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Bluetooth

BY

sandeep

Introduction What is Bluetooth? What does it do? History of Bluetooth

Introduction (contd)
Is Bluetooth here to stay? What should we expect from
Bluetooth in the future?

What Bluetooth Delivers to the end-user


Connects a wide range of computing and
telecommunication devices

Expand communication capabilities Devices can communicate with each other


with wireless connectivity

User Application

Car manufactures Industry

E-Mail / Internet / Intranet Access


Headsets Bluetooth will facilitate Local Area
Networks

Bluetooth in Action
In the house In the Office ...

Source: http//:www.motorola.com

Home Security

On the Road

Source: http//:www.motorola.com

On your Car

Source: http//:www.motorola.com

Bluetooth Specifications
Things that you must have:
Transceivers and Receivers that can send and receive data because they use Radio Waves. MAC Address (Physical Address) Burnt on the NIC card by the manufacturer. PIN Number To identify the user using the device. A Piconet A FHHS protocol

What is a Piconet?
A Piconet session is a communication link

that must be created between devices for devices to communicate with each other.

This is done when the MAC address and


the PIN number match.

Piconet (cont.)
If two devices come onto contact with each
other( 32 feet) the user will be prompted to initiate a communication session to initiate a session

Users then can either deny or accept the request


Only devices approved by the user can take part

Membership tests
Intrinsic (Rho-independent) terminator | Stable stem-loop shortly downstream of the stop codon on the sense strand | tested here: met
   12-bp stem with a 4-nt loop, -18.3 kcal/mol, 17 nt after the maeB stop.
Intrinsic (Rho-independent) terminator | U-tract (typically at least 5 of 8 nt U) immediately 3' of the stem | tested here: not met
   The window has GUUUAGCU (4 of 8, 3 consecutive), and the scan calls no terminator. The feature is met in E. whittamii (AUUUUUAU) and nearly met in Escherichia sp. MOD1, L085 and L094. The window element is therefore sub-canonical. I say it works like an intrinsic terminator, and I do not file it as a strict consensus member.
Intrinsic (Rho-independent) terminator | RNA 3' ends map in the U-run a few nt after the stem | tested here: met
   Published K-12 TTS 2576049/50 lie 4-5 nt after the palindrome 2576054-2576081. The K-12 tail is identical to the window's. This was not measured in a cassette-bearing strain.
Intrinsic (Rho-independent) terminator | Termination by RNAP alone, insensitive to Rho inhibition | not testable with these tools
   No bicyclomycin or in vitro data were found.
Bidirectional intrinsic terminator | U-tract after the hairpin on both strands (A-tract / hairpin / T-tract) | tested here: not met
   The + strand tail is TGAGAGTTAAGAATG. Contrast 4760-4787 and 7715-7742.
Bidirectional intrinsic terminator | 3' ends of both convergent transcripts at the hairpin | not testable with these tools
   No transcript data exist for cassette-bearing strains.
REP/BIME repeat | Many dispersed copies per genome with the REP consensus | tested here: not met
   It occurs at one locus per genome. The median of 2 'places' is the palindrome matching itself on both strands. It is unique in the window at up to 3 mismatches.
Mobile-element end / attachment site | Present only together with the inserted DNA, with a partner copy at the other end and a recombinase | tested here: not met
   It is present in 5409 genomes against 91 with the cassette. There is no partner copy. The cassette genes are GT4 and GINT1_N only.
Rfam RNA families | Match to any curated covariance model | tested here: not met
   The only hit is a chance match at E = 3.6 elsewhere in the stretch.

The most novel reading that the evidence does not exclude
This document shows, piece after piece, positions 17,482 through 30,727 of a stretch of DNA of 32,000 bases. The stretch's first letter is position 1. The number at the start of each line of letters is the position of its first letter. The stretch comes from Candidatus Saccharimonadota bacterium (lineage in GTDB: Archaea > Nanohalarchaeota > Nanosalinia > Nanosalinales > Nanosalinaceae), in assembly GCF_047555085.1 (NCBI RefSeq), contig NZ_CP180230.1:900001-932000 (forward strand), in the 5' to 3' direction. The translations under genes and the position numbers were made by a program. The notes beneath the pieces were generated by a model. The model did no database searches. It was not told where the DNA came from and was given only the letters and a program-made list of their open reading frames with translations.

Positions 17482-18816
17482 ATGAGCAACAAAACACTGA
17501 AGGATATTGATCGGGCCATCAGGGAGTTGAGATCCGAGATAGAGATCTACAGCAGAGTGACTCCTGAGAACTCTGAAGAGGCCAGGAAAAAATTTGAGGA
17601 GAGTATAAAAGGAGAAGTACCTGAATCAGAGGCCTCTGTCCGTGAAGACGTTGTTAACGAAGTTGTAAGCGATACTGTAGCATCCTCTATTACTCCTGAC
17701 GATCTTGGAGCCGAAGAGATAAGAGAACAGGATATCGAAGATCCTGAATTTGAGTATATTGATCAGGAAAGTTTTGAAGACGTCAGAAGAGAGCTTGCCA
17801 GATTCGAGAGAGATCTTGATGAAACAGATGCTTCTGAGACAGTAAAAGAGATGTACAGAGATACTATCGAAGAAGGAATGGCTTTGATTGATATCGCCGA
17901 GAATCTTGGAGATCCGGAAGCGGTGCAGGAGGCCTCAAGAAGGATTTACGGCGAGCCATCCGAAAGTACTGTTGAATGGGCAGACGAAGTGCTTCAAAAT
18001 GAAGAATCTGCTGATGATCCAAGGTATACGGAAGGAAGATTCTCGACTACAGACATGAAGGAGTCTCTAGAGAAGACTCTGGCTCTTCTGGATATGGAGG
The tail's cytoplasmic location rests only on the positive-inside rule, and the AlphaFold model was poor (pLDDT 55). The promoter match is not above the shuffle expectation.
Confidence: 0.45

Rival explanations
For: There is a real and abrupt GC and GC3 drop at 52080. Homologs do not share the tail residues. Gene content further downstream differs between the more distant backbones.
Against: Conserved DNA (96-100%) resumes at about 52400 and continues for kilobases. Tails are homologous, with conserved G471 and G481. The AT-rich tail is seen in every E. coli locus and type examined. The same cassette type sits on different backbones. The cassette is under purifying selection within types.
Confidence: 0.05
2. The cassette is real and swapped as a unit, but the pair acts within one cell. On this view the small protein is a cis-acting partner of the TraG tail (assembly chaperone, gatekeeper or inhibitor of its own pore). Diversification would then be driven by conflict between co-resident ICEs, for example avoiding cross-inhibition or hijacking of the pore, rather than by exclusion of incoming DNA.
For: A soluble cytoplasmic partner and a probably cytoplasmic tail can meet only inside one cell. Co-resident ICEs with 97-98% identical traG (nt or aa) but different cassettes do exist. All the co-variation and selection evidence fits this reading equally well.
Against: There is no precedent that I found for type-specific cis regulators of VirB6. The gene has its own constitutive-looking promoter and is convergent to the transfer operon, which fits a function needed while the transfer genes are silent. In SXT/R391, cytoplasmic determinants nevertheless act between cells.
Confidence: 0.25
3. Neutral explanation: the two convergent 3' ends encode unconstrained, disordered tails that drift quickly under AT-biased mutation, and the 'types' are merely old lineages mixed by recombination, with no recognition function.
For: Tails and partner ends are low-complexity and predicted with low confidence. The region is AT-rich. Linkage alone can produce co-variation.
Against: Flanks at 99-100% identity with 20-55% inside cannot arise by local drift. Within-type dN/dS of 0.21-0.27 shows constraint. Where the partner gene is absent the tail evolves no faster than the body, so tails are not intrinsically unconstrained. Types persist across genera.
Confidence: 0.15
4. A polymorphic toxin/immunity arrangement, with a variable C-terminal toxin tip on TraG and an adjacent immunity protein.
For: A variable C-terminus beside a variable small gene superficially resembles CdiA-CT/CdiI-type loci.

in the session

Data will appear as noise to unauthorized


devices (A great security feature).

FHHS
Bluetooth devices use a protocol called (FHHS)
Frequency-Hopping Spread Spectrum .

Uses packet-switching to send data.

Bluetooth sends packets of data on a range of


frequencies.

In each session one device is a master and the


others are slaves.

The master device decides at which frequency


data will travel.

FHHS
Transceivers hop among 79 different
frequencies in the 2.4 GHz baud at a rate of 1600 frequency hops per second.

The master device tells the slaves at what


frequency data will be sent.

This technique allows devices to communicate


with each other more securely.

FHHS Example

Source: http://www.xircom.com

Bluetooth Security
Modes
Security Mode 1 No Security Security Mode 2 Service Level Enforced Security Implemented after channel is established Security Mode 3 Link Level Enforced Security Implemented before channel is established

Devices
Trusted
No Restrictions

Untrusted
Restrictions, Access is limited

Service Levels
Authorization and Authentication
Authentication Only Open to all Devices

Link Level
Bluetooth Device Address
Private Link Key Private Encryption Key Random Number

Bluetooth Secure Enough?


Not enough for confidential and top secret
information now but . . . Security will Improve
Improve exisiting security Implement new security